Thursday, October 9, 2014

Patrick Modiano Nobel Prize for Literature! Highlights -

This is the fifteenth French writer to win the Nobel Prize for Literature. The Swedish Academy awarded Thursday novelist Patrick Modiano for “the art of memory with whom he discussed the most elusive human destinies and unveiled the World War II”. Its “universe is fantastic, his books respond to each other,” said the permanent secretary of the Swedish Academy Peter Englund, calling the author of “Proust of our time.”

His work is a set of permanent track, where nothing is left to chance. A literary critic The Express had noted that at least five people from five novels, staying at five different addresses, shared a single telephone number: Auteuil 15-28. The French novelist, aged 69, has focused all his work on the Paris of the Second World War, depicting the tragic weight of a troubled time events on the fate of ordinary characters.

Protected Queneau

His sober, clear, has made him an accessible writer and appreciated by the general public and literary circles. “His books are about a lot of research, search for missing persons, fugitives. (…) Those who disappear, the undocumented and those with stolen ID,” said Peter Englund. Its heroes at odds, are in perpetual search of identity. They live halfway between two worlds, between shadow and light, public life and destiny wanted. Modiano texts also outline a geography of Paris with documentary precision.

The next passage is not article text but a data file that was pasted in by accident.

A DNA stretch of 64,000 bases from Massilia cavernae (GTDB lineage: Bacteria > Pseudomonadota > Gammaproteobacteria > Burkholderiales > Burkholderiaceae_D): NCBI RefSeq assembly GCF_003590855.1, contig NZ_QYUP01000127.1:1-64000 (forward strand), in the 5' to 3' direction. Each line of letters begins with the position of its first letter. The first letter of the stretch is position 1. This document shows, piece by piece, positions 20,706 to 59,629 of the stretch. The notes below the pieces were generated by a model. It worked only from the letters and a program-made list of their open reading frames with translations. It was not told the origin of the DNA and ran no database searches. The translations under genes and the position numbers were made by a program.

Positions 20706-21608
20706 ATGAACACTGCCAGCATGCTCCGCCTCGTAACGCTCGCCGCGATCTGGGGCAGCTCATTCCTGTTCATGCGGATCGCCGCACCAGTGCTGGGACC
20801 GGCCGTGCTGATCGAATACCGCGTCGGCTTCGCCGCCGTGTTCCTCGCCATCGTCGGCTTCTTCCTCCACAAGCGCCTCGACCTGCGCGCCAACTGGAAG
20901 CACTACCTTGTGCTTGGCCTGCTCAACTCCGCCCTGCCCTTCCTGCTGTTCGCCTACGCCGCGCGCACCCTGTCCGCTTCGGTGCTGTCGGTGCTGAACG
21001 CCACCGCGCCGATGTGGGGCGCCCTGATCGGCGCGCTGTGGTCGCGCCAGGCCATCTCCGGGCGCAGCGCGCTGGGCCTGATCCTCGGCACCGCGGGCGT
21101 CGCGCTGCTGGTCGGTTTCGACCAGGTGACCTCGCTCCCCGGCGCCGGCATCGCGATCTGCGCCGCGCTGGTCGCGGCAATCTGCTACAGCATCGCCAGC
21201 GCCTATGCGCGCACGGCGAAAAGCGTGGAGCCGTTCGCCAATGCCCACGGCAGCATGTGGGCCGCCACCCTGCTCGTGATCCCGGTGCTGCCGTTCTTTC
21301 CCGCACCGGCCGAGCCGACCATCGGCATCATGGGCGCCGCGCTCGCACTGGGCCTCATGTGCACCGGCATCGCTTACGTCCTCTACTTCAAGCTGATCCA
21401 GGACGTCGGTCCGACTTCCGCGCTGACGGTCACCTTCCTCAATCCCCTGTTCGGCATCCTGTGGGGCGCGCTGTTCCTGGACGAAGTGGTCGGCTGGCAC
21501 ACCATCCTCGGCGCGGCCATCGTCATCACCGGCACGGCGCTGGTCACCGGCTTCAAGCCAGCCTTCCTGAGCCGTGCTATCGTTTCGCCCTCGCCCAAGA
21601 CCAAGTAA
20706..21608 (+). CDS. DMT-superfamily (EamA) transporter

A protégé of Raymond Queneau, Patrick Modiano published his first novel, The Place of the Star in 1968 and has since written thirty novels, all published by Gallimard. In 1974 he wrote, with director Louis Malle, the script for a blockbuster movie, Lacombe Lucien , the story of a teenager tempted by heroism, and plunging into the Collaboration in France of 1944 is also the author of other scenarios, and a test with Catherine Deneuve on the sister of the actress disappeared early, Francois Dorléac.

Translated into 36 languages ​​

Juror 2000 Cannes Film Festival, he also wrote lyrics for songs such as “Astonish Me, Benoit!” Performed Françoise Hardy, and published an interview with the essayist Emmanuel Berl ( Examination ). He obtained in 1972 the Grand Prix of the novel of the French Academy for The Boulevards belt , the Goncourt in 1978 Rue obscure shops and the Grand Prix letters for lifetime achievement in 1996 Patrick Modiano is translated into 36 languages, including Swedish publishing house in Elizabeth Grate, which also publishes the works of Jean-Marie Le Clézio, the last Nobel French literature dedicated in 2008

Patrick Modiano succeeds Canadian English novelist Alice Munro wins prize in 2013, and carries the reward of eight million kroner (about 878,000 euros). His name was among the favorites at a price for many years. He will receive his award in Stockholm on Dec. 10. Peter Englund said the institution had failed to reach him before announcing that he was the winner. No wonder Patrick Modiano is probably one of the most secretive figures of French literary landscape.


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